Islam

This page published on: 14/12/2019

Last modified: 07/11/2020

A monotheistic tradition that developed during 7th century Arabia, and which traces its roots back to the one god of the Hebrews.

Traditions

Table of Contents

Introduction

There is no god but God, and Muhammad is his messenger. This is the core concept of Islam, a monotheistic tradition that emerged in the 7th century in Arabia, and which traces its roots back to the one god of the Hebrews. Muhammad began to receive messages from the one god (Allah) in his later life, and these were memorised, written, and eventually compiled into a single book called the Qur’an (Arabic for the recitation).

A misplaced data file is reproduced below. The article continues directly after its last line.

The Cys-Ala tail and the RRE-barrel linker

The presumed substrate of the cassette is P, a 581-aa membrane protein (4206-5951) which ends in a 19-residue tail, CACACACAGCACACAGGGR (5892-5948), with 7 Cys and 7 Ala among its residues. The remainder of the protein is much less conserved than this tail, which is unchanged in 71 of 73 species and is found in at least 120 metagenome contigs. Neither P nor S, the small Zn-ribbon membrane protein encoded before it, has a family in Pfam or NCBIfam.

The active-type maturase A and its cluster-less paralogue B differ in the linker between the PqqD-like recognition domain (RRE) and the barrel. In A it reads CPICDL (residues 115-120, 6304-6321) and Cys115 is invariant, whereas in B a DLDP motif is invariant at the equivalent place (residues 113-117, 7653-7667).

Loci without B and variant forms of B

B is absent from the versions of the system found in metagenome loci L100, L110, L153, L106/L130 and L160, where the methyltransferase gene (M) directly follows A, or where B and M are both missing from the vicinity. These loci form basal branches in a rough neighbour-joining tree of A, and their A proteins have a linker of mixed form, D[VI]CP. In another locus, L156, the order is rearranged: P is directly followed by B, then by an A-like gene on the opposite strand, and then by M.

Muhammad and the Qur’an are essentially the foundation of Islam, and all Muslims assert the key phrase that there is no god but God, and Muhammad is his messenger. This assertion is known as the shahada, and must be recited in order to become a Muslim.

The Islamic traditions branch out from this point, notably into the Shia and Sunni traditions, but there are many other smaller groups.

Image credits

Image by Konevi from Pixabay

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